In 1969, a new age was upon America. The care-free ways of the ‘60s were giving way to a more cynical, suspicious era, and the movie industry was following suit. The American New Wave (or “New Hollywood” ) was sparked by the one-two punch of Bonnie and Clyde and The Graduate, giving American audiences an indie feel that they’d only ever gotten before from foreign films (usually French and Italian). However, many would consider Dennis Hopper’s Easy Rider as the true herald of the second coming of Hollywood: The drug-fueled (on and off camera), society-deconstructing road movie starring Hopper, Peter Fonda, and Jack Nicholson captured the hearts of many a lost American soul. To say the least, Easy Rider was a trip.
A lot of people would describe Easy Rider as the first movie with some balls. Sure Bonnie and Clyde brought the violence and The Graduate brought the sexuality; Easy Rider brought both of these, plus a rocking soundtrack and a “Fuck it” mentality that audiences of the time could relate to. Anyone who has gone cruising down the highway, blasting ‘Born to be Wild’, wind in their hair and big goofy grin on their face, owe it to this movie. But the movie is more than sex, drugs, and rock n’ roll: it is an examination of America and all its facets. Fonda and Hopper play Wyatt “Captain America” and Billy “the Kid” (none too subtle references to a couple of prominent Western anti-heroes), two bikers who cash in on a payload of cocaine and go on a run from Los Angeles to New Orleans for Mardi Gras. What would be a simple road trip to most becomes a soul-searching, life-defining quest for meaning for the two men – the fact that they get baked at every pit stop and partake in a little sexual debauchery is just the icing on the proverbial cake. There is a very defined “us vs. them” mentality in Easy Rider, as the boys are turned away from motels and run out of diners, all because of their rough-and-tumble appearances. They are enigmas to society, steadfast supporters of living free in a world of rules and traditions. For American youth audiences in 1969, and continuing on to today, Wyatt and Billy are infinitely relatable.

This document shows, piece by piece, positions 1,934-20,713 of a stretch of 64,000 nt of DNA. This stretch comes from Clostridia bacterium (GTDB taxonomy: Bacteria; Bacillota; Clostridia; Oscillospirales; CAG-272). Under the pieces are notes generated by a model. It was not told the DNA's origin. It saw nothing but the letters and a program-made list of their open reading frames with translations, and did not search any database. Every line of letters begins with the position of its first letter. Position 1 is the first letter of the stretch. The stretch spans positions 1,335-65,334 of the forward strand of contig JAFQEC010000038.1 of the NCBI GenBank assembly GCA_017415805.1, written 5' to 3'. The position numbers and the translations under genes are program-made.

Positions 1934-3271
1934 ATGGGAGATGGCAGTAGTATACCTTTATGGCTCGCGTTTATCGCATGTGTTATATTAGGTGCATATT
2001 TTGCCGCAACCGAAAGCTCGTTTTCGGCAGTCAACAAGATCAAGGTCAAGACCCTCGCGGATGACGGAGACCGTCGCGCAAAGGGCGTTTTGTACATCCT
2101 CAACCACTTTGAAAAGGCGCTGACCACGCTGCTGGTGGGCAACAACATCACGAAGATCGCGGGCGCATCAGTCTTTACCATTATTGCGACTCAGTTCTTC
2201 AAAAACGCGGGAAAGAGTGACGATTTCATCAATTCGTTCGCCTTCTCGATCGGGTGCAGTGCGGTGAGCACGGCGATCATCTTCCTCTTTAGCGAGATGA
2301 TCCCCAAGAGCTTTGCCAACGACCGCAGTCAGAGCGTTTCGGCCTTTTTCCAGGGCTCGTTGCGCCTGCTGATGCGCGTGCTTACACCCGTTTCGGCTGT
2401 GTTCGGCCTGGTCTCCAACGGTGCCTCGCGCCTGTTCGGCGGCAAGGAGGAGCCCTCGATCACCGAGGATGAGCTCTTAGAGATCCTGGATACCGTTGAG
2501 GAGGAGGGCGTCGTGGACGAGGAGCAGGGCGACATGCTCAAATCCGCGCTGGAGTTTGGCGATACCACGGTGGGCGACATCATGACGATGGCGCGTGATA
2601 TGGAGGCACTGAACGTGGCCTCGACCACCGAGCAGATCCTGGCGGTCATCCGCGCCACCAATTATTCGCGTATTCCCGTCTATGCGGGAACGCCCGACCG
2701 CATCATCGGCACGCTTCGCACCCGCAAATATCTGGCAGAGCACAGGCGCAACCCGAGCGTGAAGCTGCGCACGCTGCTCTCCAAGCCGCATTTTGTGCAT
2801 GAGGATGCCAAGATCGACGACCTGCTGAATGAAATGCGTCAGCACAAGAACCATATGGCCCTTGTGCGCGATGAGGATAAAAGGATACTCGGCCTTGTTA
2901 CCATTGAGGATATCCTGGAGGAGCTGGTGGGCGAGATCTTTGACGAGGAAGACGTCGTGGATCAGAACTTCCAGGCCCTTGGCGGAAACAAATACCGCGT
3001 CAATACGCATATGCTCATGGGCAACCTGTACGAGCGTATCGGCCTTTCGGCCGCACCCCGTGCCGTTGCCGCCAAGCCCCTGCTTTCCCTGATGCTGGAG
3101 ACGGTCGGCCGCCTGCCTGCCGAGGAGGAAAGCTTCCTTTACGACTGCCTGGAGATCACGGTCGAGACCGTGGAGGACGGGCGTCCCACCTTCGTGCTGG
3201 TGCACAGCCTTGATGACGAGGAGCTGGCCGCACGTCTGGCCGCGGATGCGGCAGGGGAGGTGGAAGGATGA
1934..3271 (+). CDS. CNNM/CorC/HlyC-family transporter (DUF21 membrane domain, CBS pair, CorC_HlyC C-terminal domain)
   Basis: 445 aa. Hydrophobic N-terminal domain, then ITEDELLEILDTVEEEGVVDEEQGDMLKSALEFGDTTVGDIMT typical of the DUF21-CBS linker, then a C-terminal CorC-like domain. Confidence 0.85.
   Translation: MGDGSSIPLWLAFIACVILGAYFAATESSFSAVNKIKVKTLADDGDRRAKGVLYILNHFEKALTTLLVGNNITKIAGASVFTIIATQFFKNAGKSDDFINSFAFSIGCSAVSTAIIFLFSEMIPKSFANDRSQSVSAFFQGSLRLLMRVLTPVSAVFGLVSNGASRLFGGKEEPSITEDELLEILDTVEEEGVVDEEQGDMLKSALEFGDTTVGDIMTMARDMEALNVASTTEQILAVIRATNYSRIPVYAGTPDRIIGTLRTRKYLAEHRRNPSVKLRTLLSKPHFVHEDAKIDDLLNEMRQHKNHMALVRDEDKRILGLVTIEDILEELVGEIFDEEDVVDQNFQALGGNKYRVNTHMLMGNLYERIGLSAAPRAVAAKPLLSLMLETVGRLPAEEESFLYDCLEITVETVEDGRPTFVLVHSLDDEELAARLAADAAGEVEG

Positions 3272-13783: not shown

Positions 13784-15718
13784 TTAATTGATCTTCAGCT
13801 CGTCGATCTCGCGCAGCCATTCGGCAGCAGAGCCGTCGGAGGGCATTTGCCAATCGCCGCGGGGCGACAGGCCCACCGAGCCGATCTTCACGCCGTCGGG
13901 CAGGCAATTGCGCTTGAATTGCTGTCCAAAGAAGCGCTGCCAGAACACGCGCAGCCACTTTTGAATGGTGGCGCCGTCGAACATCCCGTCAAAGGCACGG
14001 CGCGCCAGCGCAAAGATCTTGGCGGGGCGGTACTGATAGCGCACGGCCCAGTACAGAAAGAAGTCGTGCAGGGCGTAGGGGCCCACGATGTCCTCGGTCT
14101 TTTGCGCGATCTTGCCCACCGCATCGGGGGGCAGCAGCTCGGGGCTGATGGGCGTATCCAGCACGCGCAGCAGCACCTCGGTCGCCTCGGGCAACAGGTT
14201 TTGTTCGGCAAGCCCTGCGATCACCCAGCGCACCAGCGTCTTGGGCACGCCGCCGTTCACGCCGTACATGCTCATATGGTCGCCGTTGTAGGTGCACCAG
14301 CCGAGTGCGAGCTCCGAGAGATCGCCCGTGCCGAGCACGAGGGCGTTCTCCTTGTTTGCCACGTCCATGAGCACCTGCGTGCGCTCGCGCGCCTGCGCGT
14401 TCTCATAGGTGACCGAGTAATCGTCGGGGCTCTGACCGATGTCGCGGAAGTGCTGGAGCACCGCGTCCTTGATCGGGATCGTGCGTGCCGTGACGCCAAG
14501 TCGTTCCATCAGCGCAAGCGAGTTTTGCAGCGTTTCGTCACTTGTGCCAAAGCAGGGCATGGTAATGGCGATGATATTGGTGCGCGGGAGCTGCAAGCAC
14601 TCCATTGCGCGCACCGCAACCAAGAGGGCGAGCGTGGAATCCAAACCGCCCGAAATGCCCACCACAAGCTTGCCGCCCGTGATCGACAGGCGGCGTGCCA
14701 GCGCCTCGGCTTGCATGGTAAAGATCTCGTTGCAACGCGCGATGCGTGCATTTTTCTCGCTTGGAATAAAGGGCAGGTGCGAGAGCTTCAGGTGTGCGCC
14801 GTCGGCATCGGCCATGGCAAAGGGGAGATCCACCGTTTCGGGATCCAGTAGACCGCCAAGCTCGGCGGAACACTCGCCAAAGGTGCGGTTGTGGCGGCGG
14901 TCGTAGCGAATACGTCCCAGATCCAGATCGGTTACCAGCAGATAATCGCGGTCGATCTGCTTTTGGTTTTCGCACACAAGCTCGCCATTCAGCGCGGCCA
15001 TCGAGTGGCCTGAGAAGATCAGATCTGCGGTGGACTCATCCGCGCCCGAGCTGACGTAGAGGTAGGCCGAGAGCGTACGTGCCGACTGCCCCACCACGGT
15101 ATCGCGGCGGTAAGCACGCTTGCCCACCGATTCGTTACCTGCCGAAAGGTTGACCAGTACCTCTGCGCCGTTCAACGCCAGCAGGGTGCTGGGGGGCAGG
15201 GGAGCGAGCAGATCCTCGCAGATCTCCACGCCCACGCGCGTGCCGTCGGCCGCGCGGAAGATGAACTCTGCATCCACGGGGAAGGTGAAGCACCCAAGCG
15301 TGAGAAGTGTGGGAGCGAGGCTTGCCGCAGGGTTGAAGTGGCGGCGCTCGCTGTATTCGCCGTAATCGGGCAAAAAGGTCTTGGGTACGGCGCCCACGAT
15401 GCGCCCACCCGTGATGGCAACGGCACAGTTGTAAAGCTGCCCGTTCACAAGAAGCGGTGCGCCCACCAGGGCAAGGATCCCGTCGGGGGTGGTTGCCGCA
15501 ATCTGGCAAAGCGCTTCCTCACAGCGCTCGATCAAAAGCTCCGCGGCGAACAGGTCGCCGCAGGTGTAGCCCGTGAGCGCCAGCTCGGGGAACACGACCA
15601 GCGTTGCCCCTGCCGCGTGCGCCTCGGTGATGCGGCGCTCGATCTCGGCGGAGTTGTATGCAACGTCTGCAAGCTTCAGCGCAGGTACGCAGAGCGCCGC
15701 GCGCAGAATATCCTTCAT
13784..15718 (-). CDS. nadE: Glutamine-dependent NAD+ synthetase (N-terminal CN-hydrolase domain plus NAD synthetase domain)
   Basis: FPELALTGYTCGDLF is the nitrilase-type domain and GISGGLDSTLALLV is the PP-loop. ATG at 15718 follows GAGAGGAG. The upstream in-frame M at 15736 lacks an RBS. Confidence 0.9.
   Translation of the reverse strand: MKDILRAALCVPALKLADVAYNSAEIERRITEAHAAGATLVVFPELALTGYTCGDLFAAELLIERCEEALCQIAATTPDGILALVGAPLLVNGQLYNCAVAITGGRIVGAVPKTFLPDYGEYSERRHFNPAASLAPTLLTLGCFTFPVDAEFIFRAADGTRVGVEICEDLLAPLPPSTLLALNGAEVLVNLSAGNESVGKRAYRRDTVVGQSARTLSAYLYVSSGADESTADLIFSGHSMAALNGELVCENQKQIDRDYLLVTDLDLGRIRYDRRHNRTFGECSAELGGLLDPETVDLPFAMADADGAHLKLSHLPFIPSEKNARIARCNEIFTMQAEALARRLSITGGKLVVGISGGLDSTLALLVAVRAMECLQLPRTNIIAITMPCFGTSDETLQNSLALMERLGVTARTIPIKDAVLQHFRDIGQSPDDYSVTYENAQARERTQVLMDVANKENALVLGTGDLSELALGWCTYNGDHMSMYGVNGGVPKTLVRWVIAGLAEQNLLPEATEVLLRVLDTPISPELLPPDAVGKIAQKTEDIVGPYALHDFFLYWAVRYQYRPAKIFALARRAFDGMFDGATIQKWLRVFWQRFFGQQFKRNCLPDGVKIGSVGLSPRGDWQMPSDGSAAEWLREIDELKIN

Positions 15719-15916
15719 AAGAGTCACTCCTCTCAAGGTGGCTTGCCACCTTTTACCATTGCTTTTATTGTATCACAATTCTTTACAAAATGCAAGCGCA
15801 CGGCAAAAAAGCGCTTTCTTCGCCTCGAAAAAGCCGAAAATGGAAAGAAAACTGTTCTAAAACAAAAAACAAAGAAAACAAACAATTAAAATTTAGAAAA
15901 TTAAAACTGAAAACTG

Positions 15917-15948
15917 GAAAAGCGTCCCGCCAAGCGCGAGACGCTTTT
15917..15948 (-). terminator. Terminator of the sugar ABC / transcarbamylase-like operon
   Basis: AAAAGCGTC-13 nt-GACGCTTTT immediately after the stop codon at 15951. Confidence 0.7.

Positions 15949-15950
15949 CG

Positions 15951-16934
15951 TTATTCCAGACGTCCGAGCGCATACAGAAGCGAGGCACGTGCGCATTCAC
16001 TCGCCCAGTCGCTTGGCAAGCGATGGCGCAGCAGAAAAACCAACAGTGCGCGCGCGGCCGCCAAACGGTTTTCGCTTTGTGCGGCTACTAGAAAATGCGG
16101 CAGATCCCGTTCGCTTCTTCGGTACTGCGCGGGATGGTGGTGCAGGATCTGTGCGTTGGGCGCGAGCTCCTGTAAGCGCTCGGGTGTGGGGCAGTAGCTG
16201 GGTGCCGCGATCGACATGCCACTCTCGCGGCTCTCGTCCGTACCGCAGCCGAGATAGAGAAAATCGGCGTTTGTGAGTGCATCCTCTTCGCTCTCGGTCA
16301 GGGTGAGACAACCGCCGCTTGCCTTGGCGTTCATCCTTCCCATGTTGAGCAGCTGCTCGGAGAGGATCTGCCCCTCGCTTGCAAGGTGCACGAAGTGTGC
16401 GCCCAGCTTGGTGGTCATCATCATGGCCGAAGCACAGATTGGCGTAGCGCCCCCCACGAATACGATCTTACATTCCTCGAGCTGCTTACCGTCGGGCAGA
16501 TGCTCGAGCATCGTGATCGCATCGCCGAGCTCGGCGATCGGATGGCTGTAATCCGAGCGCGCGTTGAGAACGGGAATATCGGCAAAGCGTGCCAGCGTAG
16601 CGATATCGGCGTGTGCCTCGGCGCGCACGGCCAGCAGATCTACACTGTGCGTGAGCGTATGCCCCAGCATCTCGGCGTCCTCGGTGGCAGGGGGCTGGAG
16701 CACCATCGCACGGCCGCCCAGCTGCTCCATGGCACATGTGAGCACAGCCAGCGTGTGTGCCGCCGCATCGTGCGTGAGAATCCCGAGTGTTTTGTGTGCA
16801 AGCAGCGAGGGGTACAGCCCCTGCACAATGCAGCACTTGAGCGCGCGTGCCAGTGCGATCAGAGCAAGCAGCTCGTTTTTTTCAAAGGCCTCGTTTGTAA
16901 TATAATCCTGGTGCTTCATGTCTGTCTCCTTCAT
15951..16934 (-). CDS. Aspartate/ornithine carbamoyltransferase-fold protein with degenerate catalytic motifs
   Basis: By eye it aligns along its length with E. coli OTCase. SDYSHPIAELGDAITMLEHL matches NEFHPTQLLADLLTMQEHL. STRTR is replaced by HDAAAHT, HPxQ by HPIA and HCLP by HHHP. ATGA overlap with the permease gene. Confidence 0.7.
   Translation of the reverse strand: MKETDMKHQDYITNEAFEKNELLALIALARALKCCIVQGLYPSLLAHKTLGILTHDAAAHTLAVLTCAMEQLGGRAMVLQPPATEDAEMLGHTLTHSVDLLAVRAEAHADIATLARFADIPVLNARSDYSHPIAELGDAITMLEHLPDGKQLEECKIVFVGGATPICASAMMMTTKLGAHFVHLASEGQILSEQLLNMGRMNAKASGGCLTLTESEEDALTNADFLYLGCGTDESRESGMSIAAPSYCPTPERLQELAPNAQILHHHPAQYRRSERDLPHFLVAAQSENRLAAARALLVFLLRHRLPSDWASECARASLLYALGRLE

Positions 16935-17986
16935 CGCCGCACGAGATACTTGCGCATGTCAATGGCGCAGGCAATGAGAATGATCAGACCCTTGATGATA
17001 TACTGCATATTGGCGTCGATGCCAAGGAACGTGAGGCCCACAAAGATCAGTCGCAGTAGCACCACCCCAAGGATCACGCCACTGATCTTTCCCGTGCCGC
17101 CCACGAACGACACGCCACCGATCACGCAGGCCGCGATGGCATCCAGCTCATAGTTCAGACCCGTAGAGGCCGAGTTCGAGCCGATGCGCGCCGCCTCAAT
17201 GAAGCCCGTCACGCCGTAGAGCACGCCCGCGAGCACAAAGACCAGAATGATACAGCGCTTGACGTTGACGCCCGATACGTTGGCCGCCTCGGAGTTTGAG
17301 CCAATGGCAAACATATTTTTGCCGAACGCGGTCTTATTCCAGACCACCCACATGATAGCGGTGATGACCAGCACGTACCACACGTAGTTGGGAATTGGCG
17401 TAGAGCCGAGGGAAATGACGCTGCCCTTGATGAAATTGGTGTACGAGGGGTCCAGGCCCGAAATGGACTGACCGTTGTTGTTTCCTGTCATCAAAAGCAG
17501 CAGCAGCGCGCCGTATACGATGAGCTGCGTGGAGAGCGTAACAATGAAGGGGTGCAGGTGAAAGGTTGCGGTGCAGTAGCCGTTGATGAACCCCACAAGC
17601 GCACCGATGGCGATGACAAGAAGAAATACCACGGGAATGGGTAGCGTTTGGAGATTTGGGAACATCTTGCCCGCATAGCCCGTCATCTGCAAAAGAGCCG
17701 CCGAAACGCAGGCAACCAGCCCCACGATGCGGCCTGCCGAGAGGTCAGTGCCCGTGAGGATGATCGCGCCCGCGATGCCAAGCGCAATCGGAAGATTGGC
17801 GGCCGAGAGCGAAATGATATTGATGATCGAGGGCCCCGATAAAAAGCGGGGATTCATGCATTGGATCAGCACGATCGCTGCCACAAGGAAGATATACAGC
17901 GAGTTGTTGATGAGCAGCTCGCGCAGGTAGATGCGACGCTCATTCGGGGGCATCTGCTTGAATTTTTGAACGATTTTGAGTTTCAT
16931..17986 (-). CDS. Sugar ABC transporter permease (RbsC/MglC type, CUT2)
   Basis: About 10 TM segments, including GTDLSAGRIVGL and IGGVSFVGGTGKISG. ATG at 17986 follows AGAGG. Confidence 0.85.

Hopper’s frenetic cinematography plays well to the context of the film, seeming to pay too little attention at parts that need a ton of it, and too much in places that need next to none. His choppy transitions make the viewer feel as if they’re waking up from a dream (or bender), only to realize that they’re still in the action. But who’s to say what’s important and what’s not, especially in such a spiritual (yes, spiritual) film. The audience experiences the events alongside Wyatt and Billy, seeing things as they see them. When they look at their bikes, we see them as they do: long pans up the curves, as if they belonged to a model; roaring phallic symbols as they plow down highways. In many ways, Easy Rider succeeds in putting the viewer in the action even more so than P.O.V. films like The Blair Witch Project or Cloverfield. What works so well about the film in this respect is that Fonda and Hopper actually did take this epic journey, albeit to make the movie, not sell cocaine (actually…) and got just as hard a time as their characters did. It is truly a dip into the lives of wild men, an immersion into counterculture.
When confronted with some of the philosophical discussions and identity crises, many viewers might simply dismiss them as drug-induced ramblings. This is totally fair, but bear in mind that the great philosopher Rene Descartes was hard into opium, and think on that one. Along the way, Wyatt and Billy experience all different walks of life in all different types of places, with a hippy commune and a redneck diner bookending the variety. Through the eyes of the bikers, we see both the dark side and the light side of American culture, both the acceptance and the intolerance. And, in our search for meaning, for definition, for understanding, sometimes we, like the biker duo, have to admit that “we blew it”.